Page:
Browsing by Author "Laakkonen, Mika"

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  • Laakkonen, Mika (Helsingin yliopisto, 2007)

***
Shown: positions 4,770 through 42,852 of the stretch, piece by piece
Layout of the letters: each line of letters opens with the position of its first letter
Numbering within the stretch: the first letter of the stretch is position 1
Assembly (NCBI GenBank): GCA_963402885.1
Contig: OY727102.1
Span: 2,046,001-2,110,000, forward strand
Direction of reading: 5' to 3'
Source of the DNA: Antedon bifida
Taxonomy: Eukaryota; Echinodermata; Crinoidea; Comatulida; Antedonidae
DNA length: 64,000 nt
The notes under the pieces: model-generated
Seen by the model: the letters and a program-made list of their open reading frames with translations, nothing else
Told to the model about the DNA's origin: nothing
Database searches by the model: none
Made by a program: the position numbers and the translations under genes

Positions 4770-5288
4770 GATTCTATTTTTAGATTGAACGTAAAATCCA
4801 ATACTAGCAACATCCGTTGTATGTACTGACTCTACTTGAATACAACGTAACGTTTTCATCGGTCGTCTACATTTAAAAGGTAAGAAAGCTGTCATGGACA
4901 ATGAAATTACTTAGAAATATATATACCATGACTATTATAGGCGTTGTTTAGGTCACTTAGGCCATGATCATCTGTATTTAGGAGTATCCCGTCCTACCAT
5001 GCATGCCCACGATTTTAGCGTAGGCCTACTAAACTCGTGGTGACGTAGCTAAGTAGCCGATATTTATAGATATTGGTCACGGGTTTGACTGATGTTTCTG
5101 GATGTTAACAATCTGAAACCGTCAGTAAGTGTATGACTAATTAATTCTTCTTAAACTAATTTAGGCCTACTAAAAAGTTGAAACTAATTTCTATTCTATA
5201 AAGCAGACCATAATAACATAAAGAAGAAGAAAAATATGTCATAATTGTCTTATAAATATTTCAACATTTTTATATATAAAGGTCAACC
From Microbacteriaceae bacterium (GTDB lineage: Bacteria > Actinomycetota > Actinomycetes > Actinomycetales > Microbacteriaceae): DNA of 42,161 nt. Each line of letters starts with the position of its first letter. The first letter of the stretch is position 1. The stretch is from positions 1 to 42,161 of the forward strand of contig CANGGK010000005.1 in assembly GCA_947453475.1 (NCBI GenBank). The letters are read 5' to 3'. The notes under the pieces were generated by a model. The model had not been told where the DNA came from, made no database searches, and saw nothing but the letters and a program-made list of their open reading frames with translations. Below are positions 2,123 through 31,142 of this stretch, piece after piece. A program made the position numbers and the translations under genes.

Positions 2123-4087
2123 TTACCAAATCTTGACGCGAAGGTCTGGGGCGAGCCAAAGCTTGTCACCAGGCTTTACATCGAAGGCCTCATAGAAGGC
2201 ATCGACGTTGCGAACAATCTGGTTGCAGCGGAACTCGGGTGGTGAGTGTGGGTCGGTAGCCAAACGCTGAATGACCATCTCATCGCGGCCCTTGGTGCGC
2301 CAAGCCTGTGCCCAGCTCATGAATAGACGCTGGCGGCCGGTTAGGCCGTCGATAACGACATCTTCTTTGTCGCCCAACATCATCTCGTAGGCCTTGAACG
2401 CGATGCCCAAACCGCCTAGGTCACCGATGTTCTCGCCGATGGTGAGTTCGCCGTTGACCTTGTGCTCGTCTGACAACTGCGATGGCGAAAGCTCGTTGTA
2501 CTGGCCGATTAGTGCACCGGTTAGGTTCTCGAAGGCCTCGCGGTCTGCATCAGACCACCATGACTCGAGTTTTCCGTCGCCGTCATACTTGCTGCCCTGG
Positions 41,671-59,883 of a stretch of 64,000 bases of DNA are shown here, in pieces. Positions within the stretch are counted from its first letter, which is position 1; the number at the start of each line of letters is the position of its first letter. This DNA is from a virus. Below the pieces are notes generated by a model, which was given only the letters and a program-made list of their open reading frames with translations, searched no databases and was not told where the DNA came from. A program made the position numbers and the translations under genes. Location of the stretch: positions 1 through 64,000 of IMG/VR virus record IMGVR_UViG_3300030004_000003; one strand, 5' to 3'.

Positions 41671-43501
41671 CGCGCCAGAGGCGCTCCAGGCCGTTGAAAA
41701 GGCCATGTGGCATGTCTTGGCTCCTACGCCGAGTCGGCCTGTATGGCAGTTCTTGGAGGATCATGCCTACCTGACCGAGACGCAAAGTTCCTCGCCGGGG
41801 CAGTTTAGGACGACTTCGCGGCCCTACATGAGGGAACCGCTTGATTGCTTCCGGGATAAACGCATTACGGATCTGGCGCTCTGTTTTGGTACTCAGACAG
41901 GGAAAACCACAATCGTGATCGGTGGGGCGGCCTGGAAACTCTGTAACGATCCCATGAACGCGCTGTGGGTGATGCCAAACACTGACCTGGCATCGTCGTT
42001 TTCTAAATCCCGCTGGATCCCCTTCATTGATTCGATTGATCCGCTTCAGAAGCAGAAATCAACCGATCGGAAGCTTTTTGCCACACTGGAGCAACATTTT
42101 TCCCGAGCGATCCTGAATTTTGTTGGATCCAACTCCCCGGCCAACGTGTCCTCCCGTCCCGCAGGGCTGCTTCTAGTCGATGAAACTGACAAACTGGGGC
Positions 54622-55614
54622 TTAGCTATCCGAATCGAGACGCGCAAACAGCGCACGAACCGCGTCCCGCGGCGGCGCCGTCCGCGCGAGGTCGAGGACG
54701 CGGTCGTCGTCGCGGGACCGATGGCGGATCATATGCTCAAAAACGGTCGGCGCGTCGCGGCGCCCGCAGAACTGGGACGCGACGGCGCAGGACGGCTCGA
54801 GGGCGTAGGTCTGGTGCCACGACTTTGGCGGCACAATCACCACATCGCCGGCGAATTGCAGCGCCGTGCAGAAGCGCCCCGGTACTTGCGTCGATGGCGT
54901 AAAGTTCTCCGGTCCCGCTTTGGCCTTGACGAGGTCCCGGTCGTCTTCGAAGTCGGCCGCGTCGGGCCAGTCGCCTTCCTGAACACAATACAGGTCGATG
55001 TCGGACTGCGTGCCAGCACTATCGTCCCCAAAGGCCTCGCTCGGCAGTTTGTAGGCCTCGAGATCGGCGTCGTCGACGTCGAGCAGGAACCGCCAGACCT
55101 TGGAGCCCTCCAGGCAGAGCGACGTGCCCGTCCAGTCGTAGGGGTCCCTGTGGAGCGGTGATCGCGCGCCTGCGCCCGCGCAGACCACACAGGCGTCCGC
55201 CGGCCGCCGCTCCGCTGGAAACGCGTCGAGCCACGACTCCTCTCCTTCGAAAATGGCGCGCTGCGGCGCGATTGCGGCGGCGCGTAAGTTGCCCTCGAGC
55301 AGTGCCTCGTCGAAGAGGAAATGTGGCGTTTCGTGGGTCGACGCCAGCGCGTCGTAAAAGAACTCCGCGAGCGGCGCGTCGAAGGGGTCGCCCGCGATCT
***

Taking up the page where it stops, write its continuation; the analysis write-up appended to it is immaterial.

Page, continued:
Predation forms one of the main selective forces in nature and in a vast number of prey species the behavioural responses form the main way to avoid predation. World wide numerous captive breeding programs are used to produce fish and other animal species for conservational reintroductions. However, rearing animals in the absence of predators in captivity has been shown to weaken their predator avoidance skills and lead to behavioural divergence between wild and captive-bred populations. In my thesis I studied the effects of predator odour exposures on antipredator behavioural and physiological responses of captive reared Saimaa Arctic charr. This charr population is the most endangered fish population in Finland and a sample of the remaining population has been taken to captive breeding and used for an extensive reintroduction program. Lowered responsiveness to predators is probably one of the major reasons for the poor survival probability of the charr after release into the wild. The main aims of my thesis were to explore the reasons for behavioural phenotypic variation in this charr population and whether naïve charr young could be trained to recognise their natural predators. The predator species in my thesis were burbot (Lota lota) and pikeperch (Sander lucioperca). In my thesis I showed that the captive-bred charr responded to chemical cues from burbot and pikeperch, but the magnitude of responses was linked to the predator species. The burbot odour increased the spatial odour avoidance of the charr young. On the other hand, in the pikeperch treatment charr reduced their relative swimming activity and tended to show more freezing behaviour relative to the burbot treatment. It seems evident that these different responses are related to the different hunting tactics of predator species. Furthermore, I detected wide between-family differences in antipredator responsiveness (i.e. inherited variation in antipredator behaviours) in this captive stock. Detected differences were greater in the response towards burbot than towards pikeperch. These results, in addition to predator-specific antipredator responses, suggest that there is a clear inherited component in antipredator responsiveness in Saimaa charr population and that the detected inherited differences could explain a part of the behavioural phenotypic variation in this population. In my thesis I also found out that both social learning and direct exposure to live predators enhance the antipredator responsiveness of charr young. In addition, I obtained indications that predator odour exposures (i.e. life-skills training) in alevin and fry stages can fine-tune the innate antipredator responsiveness of charr. Thus, all these methods have the potential to enhance the innate antipredator responsiveness of naïve charr young, possibly also improving the post-release survival of these trained individuals in the wild. However, the next logical phase would be to carry out large scale survival studies in the wild to test this hypothesis. Finally, the results of my thesis emphasize that possible long-term life-skills training methods should take into account not only the behavioural but also the physiological effects of training.